Don W. King: Home page
COURSE DESCRIPTION: A
course in literary studies, including the writing of formal literary
research papers and an introduction to literary genres. Strongly
recommended for students intending to major in either the literature or
the creative writing track of the English major, and for other students
who desire intense literary exposure.
COURSE RATIONALE: Reading,
thinking, discussing, analyzing, and writing about literature are
integral to a liberal arts education. For students majoring in English
or those interested in literary studies, this course will provide a
forum for these activities and will introduce the important literary
terms and concepts that will be explored more fully in upper level
literature courses. In addition, guided assistance in developing and
writing formal literary analyses will prepare students for writing in
upper level literature courses.
The Norton Introduction to Literature, Shorter 10th edition. Eds. Jerome Beaty and J. Paul Hunter
A Handbook to Literature, 10the edition. Eds. William Harmon and C. Hugh Holman
Crime and Punishment, 3rd. edition. Fyodor Dostoyevsky, Norton Critical Edition
MLA Handbook for Writers of Research Papers, 7th edition. Ed. Joseph Gibaldi
Also, see Oxford Reference Online www.oxfordreference.com
for some basic reference assistance. It contains desktop access to 100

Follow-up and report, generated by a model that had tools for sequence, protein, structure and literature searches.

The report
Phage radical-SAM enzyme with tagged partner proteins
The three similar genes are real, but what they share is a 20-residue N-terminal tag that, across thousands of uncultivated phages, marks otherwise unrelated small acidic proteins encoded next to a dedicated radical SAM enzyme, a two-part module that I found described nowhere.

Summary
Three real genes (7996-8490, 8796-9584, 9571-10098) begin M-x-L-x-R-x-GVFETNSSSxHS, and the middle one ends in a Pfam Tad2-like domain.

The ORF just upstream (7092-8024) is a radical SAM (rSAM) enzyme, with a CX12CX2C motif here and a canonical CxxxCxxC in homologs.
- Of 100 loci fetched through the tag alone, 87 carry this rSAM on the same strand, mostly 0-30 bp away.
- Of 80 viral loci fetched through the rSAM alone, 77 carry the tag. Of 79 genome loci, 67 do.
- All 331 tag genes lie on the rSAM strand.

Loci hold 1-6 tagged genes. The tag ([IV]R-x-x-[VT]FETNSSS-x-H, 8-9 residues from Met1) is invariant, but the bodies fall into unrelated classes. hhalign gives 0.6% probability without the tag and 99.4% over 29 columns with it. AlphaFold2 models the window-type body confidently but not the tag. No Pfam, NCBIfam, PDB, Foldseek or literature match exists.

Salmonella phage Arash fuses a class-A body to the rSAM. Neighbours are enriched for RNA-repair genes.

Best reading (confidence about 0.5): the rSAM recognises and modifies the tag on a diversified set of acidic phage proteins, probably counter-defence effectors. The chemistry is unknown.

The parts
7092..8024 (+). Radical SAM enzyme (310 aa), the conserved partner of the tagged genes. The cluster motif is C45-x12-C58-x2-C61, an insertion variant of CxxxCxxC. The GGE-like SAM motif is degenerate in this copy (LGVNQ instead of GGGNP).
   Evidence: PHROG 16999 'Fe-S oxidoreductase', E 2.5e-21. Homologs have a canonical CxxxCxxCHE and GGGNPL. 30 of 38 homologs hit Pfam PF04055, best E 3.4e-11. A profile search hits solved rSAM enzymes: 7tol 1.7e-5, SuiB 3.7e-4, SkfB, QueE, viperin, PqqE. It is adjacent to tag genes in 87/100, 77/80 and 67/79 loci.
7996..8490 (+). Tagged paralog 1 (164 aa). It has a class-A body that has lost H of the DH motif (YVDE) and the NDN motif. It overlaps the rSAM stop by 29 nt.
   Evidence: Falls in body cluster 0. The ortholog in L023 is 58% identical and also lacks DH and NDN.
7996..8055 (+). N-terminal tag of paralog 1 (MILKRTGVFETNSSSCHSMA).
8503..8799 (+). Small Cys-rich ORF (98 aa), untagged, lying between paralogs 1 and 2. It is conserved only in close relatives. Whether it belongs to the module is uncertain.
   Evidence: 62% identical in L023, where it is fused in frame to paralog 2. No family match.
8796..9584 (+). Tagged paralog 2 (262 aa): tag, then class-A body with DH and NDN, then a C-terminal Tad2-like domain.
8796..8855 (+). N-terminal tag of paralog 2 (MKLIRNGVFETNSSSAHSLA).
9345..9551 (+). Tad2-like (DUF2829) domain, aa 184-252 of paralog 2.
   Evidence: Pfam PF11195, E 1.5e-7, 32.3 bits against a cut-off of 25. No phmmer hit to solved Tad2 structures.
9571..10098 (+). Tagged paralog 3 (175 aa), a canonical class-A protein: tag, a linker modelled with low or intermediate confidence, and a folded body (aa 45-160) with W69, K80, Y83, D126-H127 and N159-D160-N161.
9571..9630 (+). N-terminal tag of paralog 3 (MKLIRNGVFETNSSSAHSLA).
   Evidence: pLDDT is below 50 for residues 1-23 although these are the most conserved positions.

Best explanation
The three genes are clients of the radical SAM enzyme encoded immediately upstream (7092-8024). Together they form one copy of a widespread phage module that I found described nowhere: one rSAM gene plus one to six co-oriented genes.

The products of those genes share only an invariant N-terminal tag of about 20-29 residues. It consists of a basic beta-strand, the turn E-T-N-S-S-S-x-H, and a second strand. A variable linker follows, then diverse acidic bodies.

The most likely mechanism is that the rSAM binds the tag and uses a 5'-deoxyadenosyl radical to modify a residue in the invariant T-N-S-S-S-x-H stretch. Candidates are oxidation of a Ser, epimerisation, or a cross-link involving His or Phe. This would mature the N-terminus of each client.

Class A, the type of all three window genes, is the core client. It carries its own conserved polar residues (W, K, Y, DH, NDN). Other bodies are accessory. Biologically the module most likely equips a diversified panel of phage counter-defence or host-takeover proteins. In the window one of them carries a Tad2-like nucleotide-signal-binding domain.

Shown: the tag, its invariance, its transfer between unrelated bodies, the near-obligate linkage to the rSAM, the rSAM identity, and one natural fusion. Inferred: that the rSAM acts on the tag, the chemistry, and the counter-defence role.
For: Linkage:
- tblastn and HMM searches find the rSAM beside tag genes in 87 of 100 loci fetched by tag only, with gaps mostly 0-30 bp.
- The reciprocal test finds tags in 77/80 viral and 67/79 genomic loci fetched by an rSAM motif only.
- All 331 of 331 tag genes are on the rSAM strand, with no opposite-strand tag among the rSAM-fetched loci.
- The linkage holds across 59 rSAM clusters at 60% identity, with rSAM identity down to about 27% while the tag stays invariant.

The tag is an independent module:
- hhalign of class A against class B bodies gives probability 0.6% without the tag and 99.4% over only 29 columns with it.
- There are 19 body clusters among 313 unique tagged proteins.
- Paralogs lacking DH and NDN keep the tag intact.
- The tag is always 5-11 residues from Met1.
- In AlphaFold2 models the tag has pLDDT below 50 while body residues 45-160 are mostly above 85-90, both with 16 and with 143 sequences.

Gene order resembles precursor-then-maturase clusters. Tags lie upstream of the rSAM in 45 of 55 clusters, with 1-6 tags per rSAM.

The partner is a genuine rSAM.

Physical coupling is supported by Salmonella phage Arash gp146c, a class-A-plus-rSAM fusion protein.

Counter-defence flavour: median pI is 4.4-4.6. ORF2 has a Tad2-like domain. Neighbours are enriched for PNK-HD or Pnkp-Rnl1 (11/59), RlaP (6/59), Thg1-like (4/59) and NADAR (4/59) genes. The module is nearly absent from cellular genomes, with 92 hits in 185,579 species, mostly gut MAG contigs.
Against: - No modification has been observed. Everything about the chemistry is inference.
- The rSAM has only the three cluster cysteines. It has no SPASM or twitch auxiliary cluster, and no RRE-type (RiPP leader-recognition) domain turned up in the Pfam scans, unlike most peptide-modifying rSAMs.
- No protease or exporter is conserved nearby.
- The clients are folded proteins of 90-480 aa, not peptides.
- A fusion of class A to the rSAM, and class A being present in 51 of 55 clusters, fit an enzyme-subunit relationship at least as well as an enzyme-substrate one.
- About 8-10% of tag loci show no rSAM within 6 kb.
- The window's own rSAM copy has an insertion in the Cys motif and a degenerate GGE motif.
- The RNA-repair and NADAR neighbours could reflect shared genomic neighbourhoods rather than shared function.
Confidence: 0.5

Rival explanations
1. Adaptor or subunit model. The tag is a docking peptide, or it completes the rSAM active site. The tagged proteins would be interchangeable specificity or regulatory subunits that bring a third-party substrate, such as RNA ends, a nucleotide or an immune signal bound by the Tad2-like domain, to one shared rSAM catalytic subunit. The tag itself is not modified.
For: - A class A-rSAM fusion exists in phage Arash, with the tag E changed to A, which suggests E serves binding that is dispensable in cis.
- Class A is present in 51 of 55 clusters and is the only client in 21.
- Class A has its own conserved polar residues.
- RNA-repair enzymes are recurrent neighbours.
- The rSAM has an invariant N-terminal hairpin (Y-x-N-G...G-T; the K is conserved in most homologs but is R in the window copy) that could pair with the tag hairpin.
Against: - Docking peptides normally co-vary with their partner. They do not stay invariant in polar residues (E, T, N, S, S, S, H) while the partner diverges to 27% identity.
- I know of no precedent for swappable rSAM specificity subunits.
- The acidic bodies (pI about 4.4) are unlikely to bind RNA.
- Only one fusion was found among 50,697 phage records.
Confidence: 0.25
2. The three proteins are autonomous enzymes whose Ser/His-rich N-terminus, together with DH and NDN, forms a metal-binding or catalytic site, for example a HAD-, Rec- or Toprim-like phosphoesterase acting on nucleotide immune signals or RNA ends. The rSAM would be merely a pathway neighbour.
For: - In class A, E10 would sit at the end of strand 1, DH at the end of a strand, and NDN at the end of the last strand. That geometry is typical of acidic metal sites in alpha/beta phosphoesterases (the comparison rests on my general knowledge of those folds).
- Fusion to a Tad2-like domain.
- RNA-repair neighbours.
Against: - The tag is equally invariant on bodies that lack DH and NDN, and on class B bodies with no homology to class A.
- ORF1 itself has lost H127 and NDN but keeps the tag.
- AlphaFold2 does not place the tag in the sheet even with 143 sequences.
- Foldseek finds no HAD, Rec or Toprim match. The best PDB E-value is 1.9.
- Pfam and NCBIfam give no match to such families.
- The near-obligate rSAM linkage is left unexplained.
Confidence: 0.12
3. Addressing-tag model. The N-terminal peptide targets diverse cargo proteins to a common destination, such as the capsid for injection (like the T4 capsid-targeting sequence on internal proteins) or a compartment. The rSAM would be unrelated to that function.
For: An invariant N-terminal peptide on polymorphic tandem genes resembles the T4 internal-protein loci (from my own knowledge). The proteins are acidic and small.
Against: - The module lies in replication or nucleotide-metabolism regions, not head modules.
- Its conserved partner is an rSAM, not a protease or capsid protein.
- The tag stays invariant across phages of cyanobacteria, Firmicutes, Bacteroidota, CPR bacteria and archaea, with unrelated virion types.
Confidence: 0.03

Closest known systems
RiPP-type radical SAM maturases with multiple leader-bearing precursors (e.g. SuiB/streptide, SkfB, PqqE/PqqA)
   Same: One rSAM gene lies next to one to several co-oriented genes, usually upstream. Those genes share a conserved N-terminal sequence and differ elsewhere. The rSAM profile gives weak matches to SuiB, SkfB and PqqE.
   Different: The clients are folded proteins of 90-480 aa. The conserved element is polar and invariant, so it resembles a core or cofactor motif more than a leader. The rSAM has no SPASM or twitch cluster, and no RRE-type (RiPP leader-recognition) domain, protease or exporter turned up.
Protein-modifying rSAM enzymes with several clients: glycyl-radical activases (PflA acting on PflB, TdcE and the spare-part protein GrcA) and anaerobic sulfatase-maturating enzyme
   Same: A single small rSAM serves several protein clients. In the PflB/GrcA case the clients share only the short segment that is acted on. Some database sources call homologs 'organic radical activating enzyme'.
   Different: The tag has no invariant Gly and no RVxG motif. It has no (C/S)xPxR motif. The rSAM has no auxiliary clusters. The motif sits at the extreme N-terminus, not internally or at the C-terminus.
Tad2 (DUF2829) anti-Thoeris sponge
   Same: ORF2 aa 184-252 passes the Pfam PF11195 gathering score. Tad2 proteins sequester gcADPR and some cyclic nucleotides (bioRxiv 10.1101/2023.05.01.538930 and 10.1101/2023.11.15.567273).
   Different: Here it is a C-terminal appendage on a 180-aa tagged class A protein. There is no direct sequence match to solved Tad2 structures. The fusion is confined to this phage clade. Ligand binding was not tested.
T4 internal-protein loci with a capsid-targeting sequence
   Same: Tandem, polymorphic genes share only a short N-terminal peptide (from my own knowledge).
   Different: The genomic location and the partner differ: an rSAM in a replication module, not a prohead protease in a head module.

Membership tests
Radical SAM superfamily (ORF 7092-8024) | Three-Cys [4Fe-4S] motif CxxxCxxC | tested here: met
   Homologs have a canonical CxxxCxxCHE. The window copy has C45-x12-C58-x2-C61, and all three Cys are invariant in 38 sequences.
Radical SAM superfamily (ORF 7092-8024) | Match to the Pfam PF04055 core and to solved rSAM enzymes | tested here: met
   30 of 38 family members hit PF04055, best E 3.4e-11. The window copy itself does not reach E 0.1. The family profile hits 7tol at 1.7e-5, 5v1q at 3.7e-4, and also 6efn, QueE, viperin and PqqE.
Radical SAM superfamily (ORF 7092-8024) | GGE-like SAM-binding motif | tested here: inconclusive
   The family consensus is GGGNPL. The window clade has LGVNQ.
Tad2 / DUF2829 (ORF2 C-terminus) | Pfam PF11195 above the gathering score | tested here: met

key Oxford dictionaries and reference works. The Core Collection brings
together 100 language and subject dictionaries and reference works -
containing well over 60,000 pages - into a single cross-searchable
resource. Also, see the Oxford English Dictionary, the grandfather of all dictionaries at http://dictionary.oed.com
COURSE OBJECTIVES: The
central objectives of this course are 1) to introduce you to the
literary genres of drama, lyric poetry, and fiction, 2) to familiarize
you with important literary terminology, and 3) to give you practice in
writing literary analyses. Additionally, there are several questions we will consider as we work through the course, including, but not limited to:
1. What is language? What is its source?
2. What is literature? How can it be defined?
3. What is the relationship between language and literature?
4. Does literature have intrinsic value? If so, what is it?
5. What is the relationship between the human condition and literature?
6. What makes a literary work transcend its own time and culture?